For instance, there has been a reduction in the amount of children dying by being hit by cars when they are pedestrians or riding bikes. This is largely due to the fact that less children are walking or riding on their own

So is it cotton wool parenting, or common sense?

In many ways, this meme idea taps into a deep human desire to go back to ‘simpler’ times. And a deep desire to glorify the past as a lost age. It’s also part of a (sadly) expected human reaction to the idea that parents in the past were somehow not as ‘good’ or ‘careful’ – and a bald look at the statistics seems to bear that out. This is a deeply disturbing idea –  which is why these statistics are easy to dismiss. Because for most people to admit these statistics are accurate, is to admit that -as parents- they did not do everything they could to protect their children. Or that -as children- their parents did not protect them from danger. It’s easier to label current parents as somehow ‘too protective’ and to view the past through a halcyon lens – a lost age of childhood freedom.

But I don’t think this is the case. I think that parenting, particularly keeping children from danger, for most parents, is a worrying, fraught activity where parents will do anything to keep their children safe. And they rely on the information from many sources to help them out through the maze of what a ‘good’ parent could do. I do not doubt for a minute that my mother spent many sleepless nights worrying about me. And I’m sure my grandmother did the same. And with the information they had at the time, they did the best that they possibly could to raise their children. Parents in the past were not ‘worse’, nor are parents today ‘better’, they just have greater access to information on dangerous activities, based on sound statistics. Or as this report from the National Bureau of Economic Research puts it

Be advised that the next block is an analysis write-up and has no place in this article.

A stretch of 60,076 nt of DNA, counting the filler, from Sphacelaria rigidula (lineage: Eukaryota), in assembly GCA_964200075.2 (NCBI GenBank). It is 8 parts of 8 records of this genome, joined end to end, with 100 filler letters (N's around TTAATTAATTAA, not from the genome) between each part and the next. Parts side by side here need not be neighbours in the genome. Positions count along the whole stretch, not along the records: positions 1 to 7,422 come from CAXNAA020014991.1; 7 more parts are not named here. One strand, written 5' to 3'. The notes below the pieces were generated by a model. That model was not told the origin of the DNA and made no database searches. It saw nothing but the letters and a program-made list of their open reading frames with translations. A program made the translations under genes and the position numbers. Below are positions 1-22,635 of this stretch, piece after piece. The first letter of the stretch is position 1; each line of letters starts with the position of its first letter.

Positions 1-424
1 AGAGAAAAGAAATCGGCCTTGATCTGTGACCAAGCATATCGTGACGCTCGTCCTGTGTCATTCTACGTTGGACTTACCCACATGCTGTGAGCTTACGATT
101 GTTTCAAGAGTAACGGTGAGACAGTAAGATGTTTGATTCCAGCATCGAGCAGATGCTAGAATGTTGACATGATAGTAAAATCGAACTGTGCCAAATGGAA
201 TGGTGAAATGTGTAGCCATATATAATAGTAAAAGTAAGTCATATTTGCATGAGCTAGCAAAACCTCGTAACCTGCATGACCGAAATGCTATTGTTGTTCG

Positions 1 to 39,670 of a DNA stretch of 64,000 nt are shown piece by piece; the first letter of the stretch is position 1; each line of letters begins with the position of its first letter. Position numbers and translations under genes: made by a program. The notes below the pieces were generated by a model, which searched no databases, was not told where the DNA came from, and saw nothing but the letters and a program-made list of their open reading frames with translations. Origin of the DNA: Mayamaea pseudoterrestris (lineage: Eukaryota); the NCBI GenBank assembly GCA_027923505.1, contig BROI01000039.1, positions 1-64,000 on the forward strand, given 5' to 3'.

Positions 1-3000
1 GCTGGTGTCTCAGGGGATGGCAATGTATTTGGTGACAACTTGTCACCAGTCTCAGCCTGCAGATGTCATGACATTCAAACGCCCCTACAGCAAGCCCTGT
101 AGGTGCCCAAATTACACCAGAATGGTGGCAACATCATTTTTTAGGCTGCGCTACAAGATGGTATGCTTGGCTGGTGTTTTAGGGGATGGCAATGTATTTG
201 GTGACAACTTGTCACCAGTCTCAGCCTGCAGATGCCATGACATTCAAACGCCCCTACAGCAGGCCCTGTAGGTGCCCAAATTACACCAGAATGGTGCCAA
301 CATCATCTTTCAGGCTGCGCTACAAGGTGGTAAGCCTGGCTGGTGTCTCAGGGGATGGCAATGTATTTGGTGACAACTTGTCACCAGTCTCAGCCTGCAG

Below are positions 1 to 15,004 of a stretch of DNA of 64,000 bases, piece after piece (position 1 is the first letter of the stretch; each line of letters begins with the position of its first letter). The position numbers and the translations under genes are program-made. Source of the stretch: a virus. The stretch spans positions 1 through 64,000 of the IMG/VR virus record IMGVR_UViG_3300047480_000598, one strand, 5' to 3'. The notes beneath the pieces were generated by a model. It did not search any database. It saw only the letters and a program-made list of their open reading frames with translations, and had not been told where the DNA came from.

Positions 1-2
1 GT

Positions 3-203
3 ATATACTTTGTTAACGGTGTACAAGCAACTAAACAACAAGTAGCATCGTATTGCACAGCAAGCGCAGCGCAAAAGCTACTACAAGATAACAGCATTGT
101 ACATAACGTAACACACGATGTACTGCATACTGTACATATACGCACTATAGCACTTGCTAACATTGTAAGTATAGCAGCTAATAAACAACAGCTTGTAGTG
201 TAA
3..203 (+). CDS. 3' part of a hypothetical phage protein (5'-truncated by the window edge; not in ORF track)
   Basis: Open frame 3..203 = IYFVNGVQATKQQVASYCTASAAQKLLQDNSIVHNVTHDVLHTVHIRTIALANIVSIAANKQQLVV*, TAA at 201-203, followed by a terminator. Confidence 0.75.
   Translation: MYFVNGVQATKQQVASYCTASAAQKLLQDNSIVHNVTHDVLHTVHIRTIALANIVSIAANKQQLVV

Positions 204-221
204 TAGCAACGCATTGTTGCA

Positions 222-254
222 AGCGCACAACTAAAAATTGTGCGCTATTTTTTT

When publicly-funded epidemiologists and statisticians identify frequent causes of injury and that information becomes widely available, parents rapidly make use of their new knowledge to assure the safety of their children”

To end this little dabble into statistics, I’d like to tell a story. I was chatting with one of my friends a few years ago, who is many generations older than myself. Earlier that day I’d found little J waving around a pair of scissors that she had ‘found’ and been suitably terrified at what might have happened. . My friend nodded and agreed it was terrifying, and then added,
“My son did that once, he was running and fell on them and it went into his eye. It was horrible”

What followed was a long and detailed talk on the ambulance trip to the hospital, the surgery, angst and trauma. And then she ended with,

“But he’s OK now, he has a glass eye.”

After that, I became much more careful and mindful about where I stored scissors around the house.

Who wouldn’t?

**I’m not going to talk about the much larger mortality rate for 1909, because the lifestyle differences are huge, and are generally related to increasing standards of living, better maternal and child health care and mass vaccinations.

3 Replies to “Cotton Wool or Common Sense”

  1. …a meme without logic? Be still my sarcastic heart 😉

    The other logical fallacy, aside from 'survivor bias' is a lack of quality. When a previous generation went through a world war and depression as children, they turned out fine. But how much finer could they have turned out without a world war and depression?